Causality, genes, and the law
Ewen Callaway in New Scientist reports:
In 2007, Abdelmalek Bayout admitted to stabbing and killing a man and received a sentenced of 9 years and 2 months. Last week, Nature reported that Pier Valerio Reinotti, an appeal court judge in Trieste, Italy, cut Bayout’s sentence by a year after finding out he has gene variants linked to aggression. Leaving aside the question of whether this link is well enough understood to justify Reinotti’s decision, should genes ever be considered a legitimate defence?
Short answer: probably not.
Long answer: This reminds me of an issue I have with the Rubin Causal Model. In Holland’s 1986 paper on the RCM, he has a section titled “What can be a cause?” He introduces the notion of potential exposability – basically the idea that something can only be a cause if you could, in principle, manipulate it. He contrasts causes with attributes – features of individuals that are part of the definition of the individual. He uses as an example the statement, “She did well on the exam because she is a woman.” Gender can be statistically associated (correlated) with an outcome, but it cannot be a cause (according to Holland and I believe Rubin as well), because the person who did well on the exam would not be the same person if “she” weren’t a woman.
From a scientific/philosophical level, I’ve never liked the way they make the cause/attribute distinction. The RCM is so elegant and logical and principled, and then they tack on this very pragmatic and mushy issue of what can and cannot be manipulated. If technology changes to where something becomes manipulable, or if someone else thinks of a manipulation that escapes the researcher’s imagination (sex reassignment surgery?), things can shift back and forth from being classed as causes versus as attributes. Philosophically speaking: Blech. Plus, it leads to places I don’t really like. What about: “Jane didn’t get the job because she is a woman.” Is Holland saying that we cannot say that an applicant’s gender affected the employer’s hiring decision?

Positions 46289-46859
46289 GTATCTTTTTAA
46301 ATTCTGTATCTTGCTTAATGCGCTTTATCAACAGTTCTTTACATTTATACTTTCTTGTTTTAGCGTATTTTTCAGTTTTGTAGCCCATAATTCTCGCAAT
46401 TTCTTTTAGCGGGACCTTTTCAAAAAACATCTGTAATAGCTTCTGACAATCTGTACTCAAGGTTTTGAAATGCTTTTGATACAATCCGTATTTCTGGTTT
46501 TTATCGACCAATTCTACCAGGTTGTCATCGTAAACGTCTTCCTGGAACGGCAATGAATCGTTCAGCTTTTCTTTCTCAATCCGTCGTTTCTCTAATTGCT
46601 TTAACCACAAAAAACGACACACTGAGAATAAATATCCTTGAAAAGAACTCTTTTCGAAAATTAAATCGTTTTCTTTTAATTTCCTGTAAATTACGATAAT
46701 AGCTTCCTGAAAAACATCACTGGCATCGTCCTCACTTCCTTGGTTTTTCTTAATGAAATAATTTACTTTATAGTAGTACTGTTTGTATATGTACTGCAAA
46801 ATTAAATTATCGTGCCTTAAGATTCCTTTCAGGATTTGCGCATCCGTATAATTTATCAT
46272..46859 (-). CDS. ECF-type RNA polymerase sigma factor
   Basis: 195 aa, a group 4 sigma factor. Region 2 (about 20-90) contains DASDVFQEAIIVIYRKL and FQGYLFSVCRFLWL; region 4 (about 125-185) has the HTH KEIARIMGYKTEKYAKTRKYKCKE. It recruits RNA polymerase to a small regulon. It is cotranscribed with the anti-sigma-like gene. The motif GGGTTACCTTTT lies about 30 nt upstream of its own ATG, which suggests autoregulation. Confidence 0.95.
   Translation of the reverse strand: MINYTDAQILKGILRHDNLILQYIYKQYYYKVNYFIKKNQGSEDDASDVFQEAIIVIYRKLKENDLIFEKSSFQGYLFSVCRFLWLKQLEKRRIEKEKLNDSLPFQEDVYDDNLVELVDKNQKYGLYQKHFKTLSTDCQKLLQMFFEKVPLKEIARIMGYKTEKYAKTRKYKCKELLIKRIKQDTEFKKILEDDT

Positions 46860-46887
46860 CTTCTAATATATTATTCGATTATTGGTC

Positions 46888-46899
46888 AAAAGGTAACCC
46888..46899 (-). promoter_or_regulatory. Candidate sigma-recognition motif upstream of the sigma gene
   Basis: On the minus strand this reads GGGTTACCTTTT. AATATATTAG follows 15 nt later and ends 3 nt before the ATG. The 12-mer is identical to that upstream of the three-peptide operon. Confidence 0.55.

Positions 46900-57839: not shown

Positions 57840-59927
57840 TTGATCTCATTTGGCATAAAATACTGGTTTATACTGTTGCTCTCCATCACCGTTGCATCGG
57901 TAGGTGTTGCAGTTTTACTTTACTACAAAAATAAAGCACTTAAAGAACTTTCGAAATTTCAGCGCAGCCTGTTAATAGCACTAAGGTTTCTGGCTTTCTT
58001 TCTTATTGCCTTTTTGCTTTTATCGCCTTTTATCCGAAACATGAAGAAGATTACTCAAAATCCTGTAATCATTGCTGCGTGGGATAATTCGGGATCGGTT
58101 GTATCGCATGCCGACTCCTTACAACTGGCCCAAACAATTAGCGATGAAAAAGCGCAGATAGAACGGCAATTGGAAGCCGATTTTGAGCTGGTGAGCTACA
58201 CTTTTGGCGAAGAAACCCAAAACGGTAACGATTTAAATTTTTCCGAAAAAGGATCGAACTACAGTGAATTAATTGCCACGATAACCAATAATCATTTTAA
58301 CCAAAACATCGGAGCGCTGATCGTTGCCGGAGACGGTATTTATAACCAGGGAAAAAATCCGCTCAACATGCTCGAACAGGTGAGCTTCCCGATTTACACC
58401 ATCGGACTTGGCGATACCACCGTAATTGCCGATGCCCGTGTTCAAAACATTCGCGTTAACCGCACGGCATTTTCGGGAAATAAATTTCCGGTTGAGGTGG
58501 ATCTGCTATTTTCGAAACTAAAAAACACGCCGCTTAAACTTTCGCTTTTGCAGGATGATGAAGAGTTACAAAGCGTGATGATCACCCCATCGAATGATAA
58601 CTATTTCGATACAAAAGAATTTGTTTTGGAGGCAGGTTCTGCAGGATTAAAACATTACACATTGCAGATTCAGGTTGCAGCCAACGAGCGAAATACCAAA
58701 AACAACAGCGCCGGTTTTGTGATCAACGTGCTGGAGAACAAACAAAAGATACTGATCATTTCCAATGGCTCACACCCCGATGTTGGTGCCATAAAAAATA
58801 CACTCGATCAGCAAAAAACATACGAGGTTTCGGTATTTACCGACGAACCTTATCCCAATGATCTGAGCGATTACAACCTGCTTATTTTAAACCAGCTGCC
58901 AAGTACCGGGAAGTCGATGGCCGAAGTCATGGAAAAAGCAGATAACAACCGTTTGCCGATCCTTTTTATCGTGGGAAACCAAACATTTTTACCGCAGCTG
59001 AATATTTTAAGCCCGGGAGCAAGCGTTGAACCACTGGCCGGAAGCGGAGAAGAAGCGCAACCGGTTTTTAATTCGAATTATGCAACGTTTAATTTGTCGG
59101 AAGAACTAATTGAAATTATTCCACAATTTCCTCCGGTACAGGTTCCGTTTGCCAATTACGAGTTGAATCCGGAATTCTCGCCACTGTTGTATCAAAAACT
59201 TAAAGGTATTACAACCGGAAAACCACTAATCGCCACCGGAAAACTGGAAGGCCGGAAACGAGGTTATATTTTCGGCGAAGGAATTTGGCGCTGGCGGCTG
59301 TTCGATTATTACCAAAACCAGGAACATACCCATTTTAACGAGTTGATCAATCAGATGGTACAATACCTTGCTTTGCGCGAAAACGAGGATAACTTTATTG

I think we just need to be better about defining the units and the nature of the counterfactuals. If we are trying to draw inferences about Jane, as she existed on a specific date and time and location, and therefore as a principled matter of defining the question (not as a pragmatic concern) we take as an a priori fact that Jane for the purposes of this problem has to be a woman, then okay, we’ve defined our problem space in a particular way that excludes “is a man” as a potential state of Jane. But if we are trying to draw inferences in which the units are exam-takers or job applicants, and Jane is one of many potential members of that population of units, then we’re dealing with a totally different question. In that case, we could have had either a man or a woman take the exam or apply for the job. Put another way: what is the counterfactual to Jane taking the exam or Jane applying for the job? If Jane could have been John for purposes of the problem that we are trying to solve, then it makes perfectly good sense to say that “Jane did well on the exam because she is a woman” is a coherent causal inference. It goes back to a principled matter of how we have defined the problem. Not a practical question of manipulability.
So back to the criminal… Holland (and Rubin) would make the question, “Is the MAOA-L variant a cause or an attribute?” And then they’d get into questions of whether you could manipulate that gene. And right now we cannot, so it’s an attribute; but maybe someday we’ll be able to, and then it’ll be a cause.
But I’d instead approach it by asking: what are the units, and what’s the counterfactual? To a scientist, it makes perfect sense to formulate a causal-inference problem in which the universe of units consists of all possible persons. Then we compare two persons whose genomes are entirely identical except for their MAOA variant, and we ask what the potential outcomes would be if one vs. the other was put in some situation that allows you to measure aggressive behavior. So the scientist gets to ask questions about MAOA causing aggression, because the scientist is drawing inferences about how persons behave, and MAOA is a variable across those units (generic persons).
But a court is supposed to ask different kinds of causal questions. The court judges the actual individual before it. And the units are potential or actual actions of that specific person as he existed on the day of the alleged crime. The units are not members of the generic category of persons. Thus, the court should not be considering what would happen if the real Abdelmalek Bayout had been replaced by a hypothetical almost-Bayout with a minutely different genome. A scientist can go there, but a court cannot. Rather, the court’s counterfactual is a different behavior from the very same real-world Abdelmalek Bayout, i.e., a Bayout who didn’t stab anybody on that day in 2007. And if Bayout had not stabbed anybody, there’d be no murder. But since he did, he caused a murder.
Addendum: it’s a totally different question of whether we want to hold all persons to the same standards. For example, we have the insanity defense. But there, it’s not a question of causality. In fact, defendants who plead insanity have to stipulate to the causal question (e.g. in a murder trial, they have to acknowledge that the defendant’s actions caused the death of another). The question before the court basically becomes a descriptive question — is this person sane or insane? — not a causal one.